REVIEW: Conan the Barbarian #10 by Jim Zub (W) and Roberto De La Torre (A)

After inexplicably and violently turning on his most loyal companion Brule (Conan the Barbarian issue #9), a prophetic dream returns King Kull to his senses. He rescinds the death sentences placed on Brule and Conan, and after apologizing for his episode of “mania” he urges both men to accompany him on an immediate ocean voyage to stamp out the threat posed by the black stone. An experienced pirate, Conan returns to shipboard life with gusto: rowing, drinking, sparring, and even dallying with an alluring archer in Kull’s employ. As Conan’s spirits improve, however, Kull’s mental state darkens. The closer Kull and his band of elite Red Slayers come to their destination the moodier Kull becomes. Brule and Conan worry that Kull may be “courting darkness” and becoming susceptible to the black stone’s corrupting influence.

Conan The Barbarian #10This issue was a transitionary one within the current story arc, mostly dominated by the ocean voyage. The cancellation of Conan and Brule’s executions and the speed with which any hurt feelings on their behalf melted away seemed abrupt. The sudden reversal makes the Conan vs Kull battle at the end of Conan the Barbarian #9 feel forced and artificial in retrospect, as if it were wedged in to give the previous issue a shocking climax rather than as a natural development within the story. It also could have been made more explicit that the seafaring expedition’s ultimate destination was revealed to Kull in his dream. How Kull knows where to head is underexplained, and the other characters seem remarkably pliant, signing on for a vaguely proposed ocean journey under a capricious, mentally unwell king.

On the positive side of things, the contrast between Conan and Kull is handled skillfully. Conan is significantly less morose than he was during the “Thrice Marked for Death!” storyline. While it’s not stated outright, perhaps seeing Bêlit one last time (Conan the Barbarian issue #8) gave the barbarian a sense of closure, helping him move past his grief. King Kull, on the other hand, is depicted as someone constantly feeling the immense weight of his royal position. Amusingly, given Conan’s eventual destiny to become king himself, Conan views Kull’s court as a “gilded cage,” quickly concluding that he would rather live and die a free man rather than accept the demands and responsibilities that come with the royal crown. True to his depiction in the original Robert E. Howard short stories, Kull is a more cerebral individual than Conan. Where Conan’s depression throughout the “Thrice Marked for Death!” arc is unusual for him, readers are given the sense that Kull often tends towards melancholy and self-imposed isolation. It will be interesting to see if Jim Zub manages to communicate that Kull’s dark moods and ambivalence to the throne are inherent to the character and not just due to the warping corruption of the black stone.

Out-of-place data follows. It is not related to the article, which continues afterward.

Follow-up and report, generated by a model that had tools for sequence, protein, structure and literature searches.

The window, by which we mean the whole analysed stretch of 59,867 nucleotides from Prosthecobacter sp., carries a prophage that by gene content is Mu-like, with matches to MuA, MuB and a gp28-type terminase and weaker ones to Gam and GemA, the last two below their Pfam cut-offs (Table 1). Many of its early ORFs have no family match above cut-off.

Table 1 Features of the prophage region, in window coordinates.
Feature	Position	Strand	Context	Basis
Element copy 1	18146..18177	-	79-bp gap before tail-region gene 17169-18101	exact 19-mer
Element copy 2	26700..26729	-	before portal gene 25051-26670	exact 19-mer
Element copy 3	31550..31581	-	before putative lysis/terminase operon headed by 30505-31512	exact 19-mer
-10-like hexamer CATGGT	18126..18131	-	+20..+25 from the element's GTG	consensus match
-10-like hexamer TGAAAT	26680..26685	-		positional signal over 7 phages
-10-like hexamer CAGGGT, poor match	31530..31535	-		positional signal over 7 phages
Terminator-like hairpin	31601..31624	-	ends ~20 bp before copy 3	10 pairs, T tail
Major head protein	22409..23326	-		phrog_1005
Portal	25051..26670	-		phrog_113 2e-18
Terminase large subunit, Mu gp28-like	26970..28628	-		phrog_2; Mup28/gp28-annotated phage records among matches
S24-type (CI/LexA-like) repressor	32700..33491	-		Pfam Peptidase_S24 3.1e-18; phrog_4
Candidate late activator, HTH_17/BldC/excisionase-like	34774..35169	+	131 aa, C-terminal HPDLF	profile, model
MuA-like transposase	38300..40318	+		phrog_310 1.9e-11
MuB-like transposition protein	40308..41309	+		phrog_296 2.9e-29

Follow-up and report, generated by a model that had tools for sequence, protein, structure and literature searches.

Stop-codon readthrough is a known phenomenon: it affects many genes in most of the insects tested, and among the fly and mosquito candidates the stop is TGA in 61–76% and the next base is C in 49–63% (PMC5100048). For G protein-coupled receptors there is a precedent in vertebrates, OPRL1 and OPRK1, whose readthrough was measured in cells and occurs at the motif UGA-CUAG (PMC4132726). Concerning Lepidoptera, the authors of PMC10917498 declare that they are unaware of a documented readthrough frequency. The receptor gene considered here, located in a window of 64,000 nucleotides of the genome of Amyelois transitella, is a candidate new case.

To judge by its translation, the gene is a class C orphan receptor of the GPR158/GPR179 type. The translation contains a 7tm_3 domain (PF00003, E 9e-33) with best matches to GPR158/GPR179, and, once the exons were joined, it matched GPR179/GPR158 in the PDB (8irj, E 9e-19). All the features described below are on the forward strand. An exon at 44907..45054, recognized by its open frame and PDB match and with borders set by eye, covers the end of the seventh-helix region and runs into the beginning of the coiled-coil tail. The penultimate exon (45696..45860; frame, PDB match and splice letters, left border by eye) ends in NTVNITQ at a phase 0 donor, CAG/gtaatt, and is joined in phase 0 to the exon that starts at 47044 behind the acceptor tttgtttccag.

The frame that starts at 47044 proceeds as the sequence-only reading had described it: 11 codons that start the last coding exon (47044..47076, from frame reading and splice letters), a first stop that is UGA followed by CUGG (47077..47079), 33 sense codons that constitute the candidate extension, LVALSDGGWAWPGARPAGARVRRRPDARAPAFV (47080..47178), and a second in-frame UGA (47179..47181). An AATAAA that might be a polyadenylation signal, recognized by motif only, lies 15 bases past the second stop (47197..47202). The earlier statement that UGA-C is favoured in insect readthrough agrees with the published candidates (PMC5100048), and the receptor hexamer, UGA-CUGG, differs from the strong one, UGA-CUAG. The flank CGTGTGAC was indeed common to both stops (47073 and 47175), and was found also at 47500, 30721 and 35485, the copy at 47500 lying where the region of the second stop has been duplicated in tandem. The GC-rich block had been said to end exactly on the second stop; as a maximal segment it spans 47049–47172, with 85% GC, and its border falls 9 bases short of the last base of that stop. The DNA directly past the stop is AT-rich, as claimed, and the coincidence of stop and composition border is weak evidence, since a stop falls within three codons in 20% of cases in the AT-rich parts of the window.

This issue’s essay by Robert E. Howard scholar Jeffrey Shanks provides additional background for King Kull and the publication history of stories featuring him. While the Kull stories were never as popular as the ones starring Conan, they have their ardent defenders. Howard’s Weird Tales contemporary H. P. Lovecraft is noted as being particularly fond of Kull among his friend’s creations, preferring him to Conan.

Instead of the usual letters page, the issue concludes with a brief interview with artist Rob De La Torre. None of the questions are particularly deep or penetrating, but as De La Torre’s art has been a highlight of Titan’s Conan the Barbarian comic readers may appreciate the insight into his influences and hopes for the future.

This was a solid issue that effectively contrasts Conan with his literary predecessor Kull. Conan may have been thrown millennia into the past, but as a barbarian-turned-conqueror Kull is also foreshadowing for Conan’s own future as king. Conan the Barbarian issue 10 ends on a strong note and I look forward to the next issue, but I am also growing slightly uneasy at the weight Zub is giving to the ongoing black stone storyline. I wouldn’t mind seeing Conan’s adventures embark on a different direction after the current arc concludes.

Read Conan the Barbarian #10 by Jim Zub (W) and Roberto De La Torre (A)

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Robin Marx

Robin Marx

Born in Spain and raised in the United States, Robin Marx has lived in Japan for more than two decades. He works in the video game industry, handling localization and international licensing. In addition to over a dozen video games, his writing has appeared in a number of role-playing game supplements. He lives with his wife and their two daughters. You can link up with Robin over at:

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